Moran Benhar, PhD
Associate Professor of Biochemistry
PhD, 2002 - The Hebrew University, Jerusalem
Redox regulation in inflammation and cancer
Reactive oxygen and nitrogen species, such as hydrogen peroxide and nitric oxide, affect various cellular processes via redox-based modifications of specific cysteines within proteins. Several cysteine modifications, such as sulfenylation and nitrosylation, are increasingly recognized to regulate a wide range of cellular processes, including cell proliferation, differentiation, and death. In our lab, we use cutting-edge proteomic and biochemical tools to explore the roles of protein redox modifications (mainly cysteine nitrosylation) in cellular communication, inflammation, and cancer.
Our main research goals are: (1) identify nitrosylated proteins in cancer cells; (2) explore how redox modifications regulate oncogenic and inflammatory pathways; (3) develop new proteomic methods to analyze protein S-nitrosylation.
Engelman R, Ziv T, Arner ES and Benhar M. 2016. Inhibitory nitrosylation of mammalian thioredoxin reductase 1: molecular characterization and evidence for its functional role in cellular nitroso-redox imbalance.
Free Radic. Biol. Med. 97:375-85.
Kronenfeld G, Engelman R, Weisman-Shomer P, Atlas D and Benhar M. 2015. Thioredoxin-mimetic peptides as catalysts of S-denitrosylation and anti-nitrosative stress agents. Free Radic. Biol. Med. 50, 138-46.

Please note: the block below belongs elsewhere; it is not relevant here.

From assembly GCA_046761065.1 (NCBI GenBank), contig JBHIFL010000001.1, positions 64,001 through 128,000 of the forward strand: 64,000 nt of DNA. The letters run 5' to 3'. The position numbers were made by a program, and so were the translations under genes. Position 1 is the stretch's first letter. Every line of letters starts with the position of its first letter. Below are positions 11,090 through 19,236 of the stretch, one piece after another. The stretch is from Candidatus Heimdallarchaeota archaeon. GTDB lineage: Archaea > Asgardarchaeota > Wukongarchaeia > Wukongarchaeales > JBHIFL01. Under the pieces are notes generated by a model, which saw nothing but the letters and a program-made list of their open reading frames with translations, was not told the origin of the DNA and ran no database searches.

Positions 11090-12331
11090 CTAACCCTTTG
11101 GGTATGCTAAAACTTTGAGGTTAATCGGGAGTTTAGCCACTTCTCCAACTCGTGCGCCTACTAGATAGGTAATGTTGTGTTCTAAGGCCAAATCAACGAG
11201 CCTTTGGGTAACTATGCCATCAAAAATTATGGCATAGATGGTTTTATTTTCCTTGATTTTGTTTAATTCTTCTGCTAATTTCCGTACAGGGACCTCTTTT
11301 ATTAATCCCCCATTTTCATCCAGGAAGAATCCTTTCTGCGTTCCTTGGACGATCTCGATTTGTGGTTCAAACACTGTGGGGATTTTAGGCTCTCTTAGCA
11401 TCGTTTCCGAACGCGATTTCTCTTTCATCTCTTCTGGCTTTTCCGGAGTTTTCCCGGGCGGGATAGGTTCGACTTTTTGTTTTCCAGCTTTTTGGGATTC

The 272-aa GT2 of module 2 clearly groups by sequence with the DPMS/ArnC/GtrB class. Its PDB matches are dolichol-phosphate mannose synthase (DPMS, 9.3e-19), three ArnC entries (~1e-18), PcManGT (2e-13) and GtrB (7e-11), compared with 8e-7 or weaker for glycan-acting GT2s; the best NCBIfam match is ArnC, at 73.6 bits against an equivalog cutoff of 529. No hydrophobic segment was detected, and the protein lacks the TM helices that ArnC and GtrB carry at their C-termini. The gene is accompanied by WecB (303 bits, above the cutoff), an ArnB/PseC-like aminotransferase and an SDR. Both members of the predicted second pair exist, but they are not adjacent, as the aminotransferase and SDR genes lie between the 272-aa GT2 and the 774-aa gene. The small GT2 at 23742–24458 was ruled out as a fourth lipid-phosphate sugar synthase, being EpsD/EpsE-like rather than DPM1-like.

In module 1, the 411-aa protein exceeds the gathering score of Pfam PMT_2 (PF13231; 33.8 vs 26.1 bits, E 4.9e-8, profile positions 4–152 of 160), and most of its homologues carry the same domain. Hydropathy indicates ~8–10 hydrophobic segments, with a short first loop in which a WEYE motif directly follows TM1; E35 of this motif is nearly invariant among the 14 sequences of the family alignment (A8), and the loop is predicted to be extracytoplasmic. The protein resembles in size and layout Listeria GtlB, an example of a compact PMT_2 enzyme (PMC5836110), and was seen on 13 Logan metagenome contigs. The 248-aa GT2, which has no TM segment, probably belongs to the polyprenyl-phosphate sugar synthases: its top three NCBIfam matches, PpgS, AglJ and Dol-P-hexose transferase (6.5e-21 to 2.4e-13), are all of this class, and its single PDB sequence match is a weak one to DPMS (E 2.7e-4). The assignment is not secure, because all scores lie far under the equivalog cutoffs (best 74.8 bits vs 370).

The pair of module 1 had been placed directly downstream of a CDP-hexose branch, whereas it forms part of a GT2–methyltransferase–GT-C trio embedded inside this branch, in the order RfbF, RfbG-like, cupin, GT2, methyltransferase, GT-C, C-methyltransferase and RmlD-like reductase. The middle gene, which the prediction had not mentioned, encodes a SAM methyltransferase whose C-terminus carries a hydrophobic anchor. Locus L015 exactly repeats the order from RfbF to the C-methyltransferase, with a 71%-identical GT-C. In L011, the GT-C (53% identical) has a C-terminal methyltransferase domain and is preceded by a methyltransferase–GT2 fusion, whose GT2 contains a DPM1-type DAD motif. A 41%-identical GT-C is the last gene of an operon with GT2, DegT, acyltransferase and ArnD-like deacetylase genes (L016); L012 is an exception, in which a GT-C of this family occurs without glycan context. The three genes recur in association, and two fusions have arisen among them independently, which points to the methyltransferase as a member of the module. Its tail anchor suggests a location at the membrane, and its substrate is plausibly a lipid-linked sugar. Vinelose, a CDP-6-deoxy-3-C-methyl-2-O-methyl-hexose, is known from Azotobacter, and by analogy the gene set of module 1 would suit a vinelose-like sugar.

Ben-Lulu S, Ziv T, Admon A, Weisman-Shomer P and Benhar M. 2014. A substrate trapping approach identifies proteins regulated by reversible S-nitrosylation. Mol. Cell. Proteomics. 13, 2573-83.
Engelman R, Weisman-Shomer P, Ziv T, Xu J, Arner ES and Benhar M. 2013. Multilevel regulation of 2-Cys Peroxiredoxin reaction cycle by S-Nitrosylation. J. Biol. Chem. 288, 11312-24.
Overview of NO signaling through S-nitrosylation.
The free radical nitric oxide (NO) is involved in numerous cellular and organismal processes, including cell division, migration, differentiation and death. NO influences various processes through targeted modification of cysteine residues in proteins, generating S-nitrosylated proteins (protein-SNO). Nitrosylation of specific cysteine residues has been detected in well over 100 proteins of all classes and appears to be a principal mechanism by which NO signals are transduced. Much like protein phosphorylation, nitrosylation influences protein activity, protein-protein interactions and protein location. The level of nitrosylation is controlled by the opposing action of NO synthase (NOS) and denitrosylases, in particular, S-nitrosoglutathione reductase (GSNOR) and thioredoxin (Trx). Protein nitrosylation has been found to play important roles in cellular signaling and other biological processes whereas dysregulated nitrosylation may contribute to cellular dysfunction and disease.